In Piemonte wine is mainly produced with indigenous grape varieties. They have adapted to the environment and are enhanced by the environmental components themselves. Piedmont literally means “at the foot of the mountains”, a term that sums up the physical and climatic characteristics of this region. It is in fact surrounded by the mountains and characterised by a cold-temperate continental climate, ideal for vines.
Vineyards adorn the hilly areas of the region, where productivity is limited in favour of quality. The hilly areas are favoured because they guarantee good drainage and sunshine, which is essential for the production of the so-called “wines of light”, typical of the North.
In particular, we distinguish three hilly areas:
- Turin – made up of porphyry and granite.
- The Langhe and Monferrato – made up of marl, sandstone and chalk.
- Val Di Susa, Pinerolo and Saluzzesi Hills – made up of sandstone and limestone.
The uniqueness of this oenology tradition lies in the production of a kind of Piedmont wine which tends to be monovarietal, i.e. derived from a single variety of grape.
The most important wine-growing areas are as follows:
- The Langhe: it is one of the most famous wine-growing areas in the world. In addition to the production of Barolo and Barbaresco from Nebbiolo grapes, a Piedmontese white wine called Roero Arneis is produced from the Arneis grapevine. In the provinces of Asti and Alessandria, under the denomination of Alta Langa DOCG, some of Piedmont’s best known white wines are produced: white or rosé sparkling wine from Piedmont made with the classic method.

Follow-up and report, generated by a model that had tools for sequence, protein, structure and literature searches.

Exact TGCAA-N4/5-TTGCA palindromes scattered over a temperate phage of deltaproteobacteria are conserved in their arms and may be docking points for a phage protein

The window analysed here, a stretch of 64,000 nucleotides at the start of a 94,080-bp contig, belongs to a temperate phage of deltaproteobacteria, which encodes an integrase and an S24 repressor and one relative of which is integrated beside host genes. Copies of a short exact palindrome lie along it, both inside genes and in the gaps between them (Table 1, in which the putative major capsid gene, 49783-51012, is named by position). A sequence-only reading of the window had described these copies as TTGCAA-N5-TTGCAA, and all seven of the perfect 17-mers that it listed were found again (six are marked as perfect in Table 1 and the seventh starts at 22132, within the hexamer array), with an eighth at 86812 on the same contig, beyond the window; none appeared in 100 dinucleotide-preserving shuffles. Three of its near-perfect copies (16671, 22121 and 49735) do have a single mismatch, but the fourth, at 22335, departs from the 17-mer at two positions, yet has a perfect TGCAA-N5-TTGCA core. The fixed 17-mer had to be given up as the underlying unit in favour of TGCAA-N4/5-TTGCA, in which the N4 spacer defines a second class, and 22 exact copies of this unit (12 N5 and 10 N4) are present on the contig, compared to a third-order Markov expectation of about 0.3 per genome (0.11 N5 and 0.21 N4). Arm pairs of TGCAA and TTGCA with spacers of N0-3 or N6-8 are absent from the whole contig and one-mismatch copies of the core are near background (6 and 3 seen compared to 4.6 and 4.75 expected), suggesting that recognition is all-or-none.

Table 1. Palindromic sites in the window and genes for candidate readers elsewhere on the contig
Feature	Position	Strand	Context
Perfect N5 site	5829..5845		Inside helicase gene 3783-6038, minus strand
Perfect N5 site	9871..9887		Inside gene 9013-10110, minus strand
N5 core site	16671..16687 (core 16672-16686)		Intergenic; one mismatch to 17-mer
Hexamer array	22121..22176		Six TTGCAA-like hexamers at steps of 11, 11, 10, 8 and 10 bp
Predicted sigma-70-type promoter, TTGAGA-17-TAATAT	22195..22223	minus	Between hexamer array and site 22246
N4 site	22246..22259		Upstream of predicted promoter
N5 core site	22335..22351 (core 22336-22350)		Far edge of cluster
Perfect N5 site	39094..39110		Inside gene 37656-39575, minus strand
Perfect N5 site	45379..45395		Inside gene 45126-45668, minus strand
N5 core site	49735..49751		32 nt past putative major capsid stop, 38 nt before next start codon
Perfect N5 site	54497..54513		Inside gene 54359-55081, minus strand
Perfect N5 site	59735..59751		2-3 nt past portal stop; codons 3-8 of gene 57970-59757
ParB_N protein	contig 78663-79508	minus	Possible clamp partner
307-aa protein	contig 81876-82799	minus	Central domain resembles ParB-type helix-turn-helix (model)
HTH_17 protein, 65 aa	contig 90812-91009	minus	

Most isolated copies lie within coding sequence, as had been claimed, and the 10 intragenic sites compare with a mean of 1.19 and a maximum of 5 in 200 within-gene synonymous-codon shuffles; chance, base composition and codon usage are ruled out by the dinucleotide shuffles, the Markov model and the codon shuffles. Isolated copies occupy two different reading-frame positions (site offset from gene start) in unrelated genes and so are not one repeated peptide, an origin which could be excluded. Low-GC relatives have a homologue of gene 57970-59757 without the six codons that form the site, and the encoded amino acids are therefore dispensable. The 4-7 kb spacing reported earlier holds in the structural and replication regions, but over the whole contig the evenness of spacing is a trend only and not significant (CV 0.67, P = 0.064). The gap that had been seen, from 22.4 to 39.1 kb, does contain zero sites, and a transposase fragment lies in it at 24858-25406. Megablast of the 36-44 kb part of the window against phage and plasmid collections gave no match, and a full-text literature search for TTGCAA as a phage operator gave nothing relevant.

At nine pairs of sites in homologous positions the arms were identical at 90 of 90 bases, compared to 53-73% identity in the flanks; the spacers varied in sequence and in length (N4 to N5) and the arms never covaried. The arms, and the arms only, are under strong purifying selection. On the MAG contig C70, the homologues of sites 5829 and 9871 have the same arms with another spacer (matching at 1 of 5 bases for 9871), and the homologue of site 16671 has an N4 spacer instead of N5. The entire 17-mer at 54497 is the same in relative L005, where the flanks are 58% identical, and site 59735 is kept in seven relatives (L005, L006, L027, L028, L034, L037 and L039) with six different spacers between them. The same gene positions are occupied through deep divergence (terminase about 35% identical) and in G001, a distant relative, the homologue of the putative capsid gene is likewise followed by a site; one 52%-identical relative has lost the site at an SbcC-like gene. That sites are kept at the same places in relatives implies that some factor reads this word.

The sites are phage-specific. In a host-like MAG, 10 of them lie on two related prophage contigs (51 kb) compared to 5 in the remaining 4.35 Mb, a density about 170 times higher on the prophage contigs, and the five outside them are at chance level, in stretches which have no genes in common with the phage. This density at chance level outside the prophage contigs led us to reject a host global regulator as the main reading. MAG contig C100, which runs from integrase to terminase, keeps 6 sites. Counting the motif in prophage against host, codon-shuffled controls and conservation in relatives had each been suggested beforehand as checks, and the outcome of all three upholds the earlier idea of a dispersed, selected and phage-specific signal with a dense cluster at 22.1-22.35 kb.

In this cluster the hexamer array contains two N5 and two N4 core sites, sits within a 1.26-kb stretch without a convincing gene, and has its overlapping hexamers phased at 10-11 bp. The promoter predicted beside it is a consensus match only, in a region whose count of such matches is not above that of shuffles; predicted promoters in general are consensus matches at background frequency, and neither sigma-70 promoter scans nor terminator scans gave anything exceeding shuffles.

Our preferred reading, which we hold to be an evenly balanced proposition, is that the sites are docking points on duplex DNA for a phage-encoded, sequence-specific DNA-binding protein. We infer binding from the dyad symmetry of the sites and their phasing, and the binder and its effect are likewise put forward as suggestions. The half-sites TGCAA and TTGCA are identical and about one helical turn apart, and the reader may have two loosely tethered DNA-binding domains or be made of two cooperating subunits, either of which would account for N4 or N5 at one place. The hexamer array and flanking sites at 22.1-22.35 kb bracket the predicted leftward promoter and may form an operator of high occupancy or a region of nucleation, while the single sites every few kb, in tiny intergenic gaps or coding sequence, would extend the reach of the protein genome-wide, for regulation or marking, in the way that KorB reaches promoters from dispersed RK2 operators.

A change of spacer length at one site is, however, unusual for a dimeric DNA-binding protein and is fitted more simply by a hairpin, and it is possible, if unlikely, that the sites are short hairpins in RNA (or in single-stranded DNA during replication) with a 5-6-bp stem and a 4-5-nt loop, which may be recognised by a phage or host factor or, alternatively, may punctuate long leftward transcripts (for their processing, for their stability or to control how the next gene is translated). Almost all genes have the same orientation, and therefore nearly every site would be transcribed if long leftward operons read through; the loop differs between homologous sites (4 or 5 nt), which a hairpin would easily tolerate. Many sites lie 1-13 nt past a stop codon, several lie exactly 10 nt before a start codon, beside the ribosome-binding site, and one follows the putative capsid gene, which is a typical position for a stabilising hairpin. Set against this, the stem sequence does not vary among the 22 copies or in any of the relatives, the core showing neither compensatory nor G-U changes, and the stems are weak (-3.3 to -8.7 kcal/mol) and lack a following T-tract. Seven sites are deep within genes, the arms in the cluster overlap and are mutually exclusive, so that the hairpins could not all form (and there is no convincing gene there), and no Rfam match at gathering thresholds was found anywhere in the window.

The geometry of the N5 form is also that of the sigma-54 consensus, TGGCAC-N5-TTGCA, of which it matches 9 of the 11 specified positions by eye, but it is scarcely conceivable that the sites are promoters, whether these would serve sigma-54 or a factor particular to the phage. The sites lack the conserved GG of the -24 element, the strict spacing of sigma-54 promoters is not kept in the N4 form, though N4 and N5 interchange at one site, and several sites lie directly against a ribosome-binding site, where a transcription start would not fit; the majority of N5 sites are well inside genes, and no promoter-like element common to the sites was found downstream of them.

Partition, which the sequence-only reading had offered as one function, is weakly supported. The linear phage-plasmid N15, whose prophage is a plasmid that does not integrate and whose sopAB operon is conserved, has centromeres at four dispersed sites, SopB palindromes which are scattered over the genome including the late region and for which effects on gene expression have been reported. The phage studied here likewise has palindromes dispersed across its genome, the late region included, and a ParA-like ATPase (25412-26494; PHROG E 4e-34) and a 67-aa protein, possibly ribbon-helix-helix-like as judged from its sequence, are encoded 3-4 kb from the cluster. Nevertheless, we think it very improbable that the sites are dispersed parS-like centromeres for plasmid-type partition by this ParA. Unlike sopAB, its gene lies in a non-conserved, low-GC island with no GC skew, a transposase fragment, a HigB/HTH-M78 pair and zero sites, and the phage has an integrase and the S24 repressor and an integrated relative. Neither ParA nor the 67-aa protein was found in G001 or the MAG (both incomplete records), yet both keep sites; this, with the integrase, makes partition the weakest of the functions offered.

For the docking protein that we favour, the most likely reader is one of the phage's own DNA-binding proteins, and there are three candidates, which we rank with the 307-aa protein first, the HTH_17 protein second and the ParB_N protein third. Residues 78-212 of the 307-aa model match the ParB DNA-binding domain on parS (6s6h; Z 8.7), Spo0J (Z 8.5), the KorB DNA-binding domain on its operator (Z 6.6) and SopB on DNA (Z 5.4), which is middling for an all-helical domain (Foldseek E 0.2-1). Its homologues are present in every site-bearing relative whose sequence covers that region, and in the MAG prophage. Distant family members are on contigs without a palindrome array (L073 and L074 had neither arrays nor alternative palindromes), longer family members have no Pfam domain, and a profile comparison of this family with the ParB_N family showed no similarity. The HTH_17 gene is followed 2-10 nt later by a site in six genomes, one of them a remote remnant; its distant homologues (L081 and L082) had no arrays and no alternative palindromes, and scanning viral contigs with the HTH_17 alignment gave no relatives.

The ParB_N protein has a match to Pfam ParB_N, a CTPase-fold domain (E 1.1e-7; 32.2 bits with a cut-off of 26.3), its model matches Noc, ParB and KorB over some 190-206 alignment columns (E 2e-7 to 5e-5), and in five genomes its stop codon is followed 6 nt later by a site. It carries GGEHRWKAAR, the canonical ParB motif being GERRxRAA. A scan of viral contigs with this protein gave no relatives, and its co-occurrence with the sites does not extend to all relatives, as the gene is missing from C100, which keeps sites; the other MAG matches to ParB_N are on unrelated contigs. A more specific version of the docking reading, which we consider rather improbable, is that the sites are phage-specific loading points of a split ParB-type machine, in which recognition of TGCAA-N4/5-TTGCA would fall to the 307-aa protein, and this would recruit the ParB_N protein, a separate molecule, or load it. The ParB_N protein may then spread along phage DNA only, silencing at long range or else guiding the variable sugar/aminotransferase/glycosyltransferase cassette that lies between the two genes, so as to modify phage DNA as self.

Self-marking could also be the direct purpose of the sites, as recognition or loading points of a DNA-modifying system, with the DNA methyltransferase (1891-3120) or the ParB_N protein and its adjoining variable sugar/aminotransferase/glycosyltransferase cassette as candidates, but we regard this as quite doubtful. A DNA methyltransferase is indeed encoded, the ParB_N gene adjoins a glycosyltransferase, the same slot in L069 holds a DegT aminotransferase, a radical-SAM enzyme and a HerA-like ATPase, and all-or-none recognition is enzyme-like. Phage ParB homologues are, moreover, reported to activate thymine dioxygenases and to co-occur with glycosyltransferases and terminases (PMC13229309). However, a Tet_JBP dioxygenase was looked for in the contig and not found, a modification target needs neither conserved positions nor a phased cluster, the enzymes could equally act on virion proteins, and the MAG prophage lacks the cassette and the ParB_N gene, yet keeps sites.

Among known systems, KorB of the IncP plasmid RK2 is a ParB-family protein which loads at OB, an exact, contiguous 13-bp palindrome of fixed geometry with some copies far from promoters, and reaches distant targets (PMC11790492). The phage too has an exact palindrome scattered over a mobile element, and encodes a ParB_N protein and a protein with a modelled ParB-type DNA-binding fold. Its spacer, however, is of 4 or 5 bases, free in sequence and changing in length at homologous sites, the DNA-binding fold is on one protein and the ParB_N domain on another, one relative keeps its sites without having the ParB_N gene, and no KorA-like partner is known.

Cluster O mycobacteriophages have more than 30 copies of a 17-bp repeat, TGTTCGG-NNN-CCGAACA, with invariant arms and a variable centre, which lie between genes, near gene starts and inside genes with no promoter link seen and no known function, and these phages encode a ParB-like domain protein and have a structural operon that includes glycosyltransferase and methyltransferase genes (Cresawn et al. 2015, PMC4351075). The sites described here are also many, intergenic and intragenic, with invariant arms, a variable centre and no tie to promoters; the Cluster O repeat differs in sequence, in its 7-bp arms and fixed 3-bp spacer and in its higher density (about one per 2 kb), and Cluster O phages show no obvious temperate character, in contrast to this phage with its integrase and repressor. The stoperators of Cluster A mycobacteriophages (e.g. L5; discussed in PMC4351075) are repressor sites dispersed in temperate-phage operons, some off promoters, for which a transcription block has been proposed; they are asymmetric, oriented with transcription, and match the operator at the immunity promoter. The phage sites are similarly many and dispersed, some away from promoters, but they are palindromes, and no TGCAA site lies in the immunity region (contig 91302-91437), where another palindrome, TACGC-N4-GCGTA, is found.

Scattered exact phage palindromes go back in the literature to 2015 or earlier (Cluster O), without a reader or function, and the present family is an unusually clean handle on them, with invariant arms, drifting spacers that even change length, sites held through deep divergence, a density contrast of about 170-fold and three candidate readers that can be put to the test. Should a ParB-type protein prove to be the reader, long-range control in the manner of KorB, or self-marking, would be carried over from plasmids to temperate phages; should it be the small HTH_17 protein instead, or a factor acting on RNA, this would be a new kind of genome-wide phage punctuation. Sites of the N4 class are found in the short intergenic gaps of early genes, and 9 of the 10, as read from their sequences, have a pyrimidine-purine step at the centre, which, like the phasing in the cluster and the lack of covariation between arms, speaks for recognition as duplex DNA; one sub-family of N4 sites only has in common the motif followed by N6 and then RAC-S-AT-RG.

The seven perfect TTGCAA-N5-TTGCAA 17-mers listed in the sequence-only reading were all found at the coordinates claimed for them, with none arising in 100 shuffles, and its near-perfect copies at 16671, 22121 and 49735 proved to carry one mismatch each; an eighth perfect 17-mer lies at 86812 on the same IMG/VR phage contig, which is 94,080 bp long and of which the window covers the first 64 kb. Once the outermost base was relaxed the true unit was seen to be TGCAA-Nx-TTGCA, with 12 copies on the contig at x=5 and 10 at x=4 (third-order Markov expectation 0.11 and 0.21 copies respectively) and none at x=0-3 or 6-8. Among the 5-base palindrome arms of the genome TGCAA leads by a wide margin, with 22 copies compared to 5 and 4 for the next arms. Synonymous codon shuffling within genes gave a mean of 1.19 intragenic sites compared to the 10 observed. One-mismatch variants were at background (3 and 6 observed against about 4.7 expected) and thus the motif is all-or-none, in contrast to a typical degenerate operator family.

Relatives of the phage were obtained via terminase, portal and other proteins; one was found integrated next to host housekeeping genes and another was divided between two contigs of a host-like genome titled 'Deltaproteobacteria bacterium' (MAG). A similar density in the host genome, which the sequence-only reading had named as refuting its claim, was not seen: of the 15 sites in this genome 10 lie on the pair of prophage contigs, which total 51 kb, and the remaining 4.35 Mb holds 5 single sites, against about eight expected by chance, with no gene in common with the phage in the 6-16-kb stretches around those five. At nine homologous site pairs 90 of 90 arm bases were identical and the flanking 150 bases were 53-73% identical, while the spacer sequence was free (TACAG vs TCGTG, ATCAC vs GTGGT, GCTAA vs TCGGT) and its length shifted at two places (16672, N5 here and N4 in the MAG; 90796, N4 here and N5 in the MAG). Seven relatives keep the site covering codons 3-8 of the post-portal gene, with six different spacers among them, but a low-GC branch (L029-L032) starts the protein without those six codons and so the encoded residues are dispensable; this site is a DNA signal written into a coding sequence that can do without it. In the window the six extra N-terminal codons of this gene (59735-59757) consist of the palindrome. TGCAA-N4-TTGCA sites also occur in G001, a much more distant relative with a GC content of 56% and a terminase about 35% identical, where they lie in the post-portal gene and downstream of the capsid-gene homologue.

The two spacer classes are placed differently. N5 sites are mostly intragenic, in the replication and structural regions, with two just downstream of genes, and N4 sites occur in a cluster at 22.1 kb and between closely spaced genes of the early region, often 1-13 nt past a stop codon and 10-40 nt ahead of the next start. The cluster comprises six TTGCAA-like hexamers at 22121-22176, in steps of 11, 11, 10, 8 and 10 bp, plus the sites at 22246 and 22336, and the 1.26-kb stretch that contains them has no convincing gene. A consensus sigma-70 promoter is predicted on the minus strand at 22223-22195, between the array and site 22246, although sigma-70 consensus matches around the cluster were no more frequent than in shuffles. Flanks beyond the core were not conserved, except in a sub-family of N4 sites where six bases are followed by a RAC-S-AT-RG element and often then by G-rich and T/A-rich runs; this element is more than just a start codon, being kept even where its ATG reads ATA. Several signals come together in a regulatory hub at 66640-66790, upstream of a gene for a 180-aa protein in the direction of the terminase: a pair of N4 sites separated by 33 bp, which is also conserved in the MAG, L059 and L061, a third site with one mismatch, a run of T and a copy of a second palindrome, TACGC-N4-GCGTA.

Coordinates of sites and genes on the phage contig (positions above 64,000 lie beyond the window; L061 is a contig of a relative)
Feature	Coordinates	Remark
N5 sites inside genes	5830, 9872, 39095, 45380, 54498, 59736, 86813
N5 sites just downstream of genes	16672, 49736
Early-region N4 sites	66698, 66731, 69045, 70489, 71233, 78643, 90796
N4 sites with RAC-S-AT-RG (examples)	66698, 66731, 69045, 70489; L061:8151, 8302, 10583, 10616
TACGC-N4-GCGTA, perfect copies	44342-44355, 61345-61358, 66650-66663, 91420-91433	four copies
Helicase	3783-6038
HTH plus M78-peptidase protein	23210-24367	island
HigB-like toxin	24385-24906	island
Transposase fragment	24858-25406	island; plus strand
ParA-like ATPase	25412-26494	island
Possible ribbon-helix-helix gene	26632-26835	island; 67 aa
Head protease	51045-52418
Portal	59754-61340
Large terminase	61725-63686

- Monferrato: situated between Asti and Alessandria, this area is dedicated to the cultivation of Barbera, Freisa and Grignolino. Piemonte wines DOCG such as Barbera del Monferrato Superiore derive from this territory. As for Piedmontese whites, we encounter Gavi, a wine produced from Cortese grapes.
- Astigiano: this is an area included in the Monferrato but of particular importance, therefore worthy of being mentioned separately. This is due to the production of white wines that fall under the Asti DOCG wine appellation, i.e. the sparkling wine from Piedmont made with the Charmat method from Moscato Bianco grapes.
- Northern Piedmont: in this area, the production is oriented towards wines of great structure such as Gattinara DOCG and Ghemme DOCG. These two Piemonte wines are based on Nebbiolo grapes, blended with small percentages of minor grape varieties.
- Canavese: between the provinces of Turin, Biella and Vercelli, there is an area dedicated to the cultivation of a white grape variety called Erbaluce. From these grapes the Erbaluce di Caluso DOCG, another white wine of considerable value, is obtained.
White wine: a Piemonte wine of elegance and light
As I wrote earlier, Piedmont is remembered for the production of red wines. However, the wine-growing heritage of this region is so wide and varied that it also includes the cultivation of white grape varieties from which other worthy wines are made.
Factors such as climate, exposure and soil combine to determine the superiority of these wines.
Below is a list of Piedmontese white wines: we will make a distinction between DOCG (controlled and guaranteed designation of origin) and DOC (controlled designation of origin).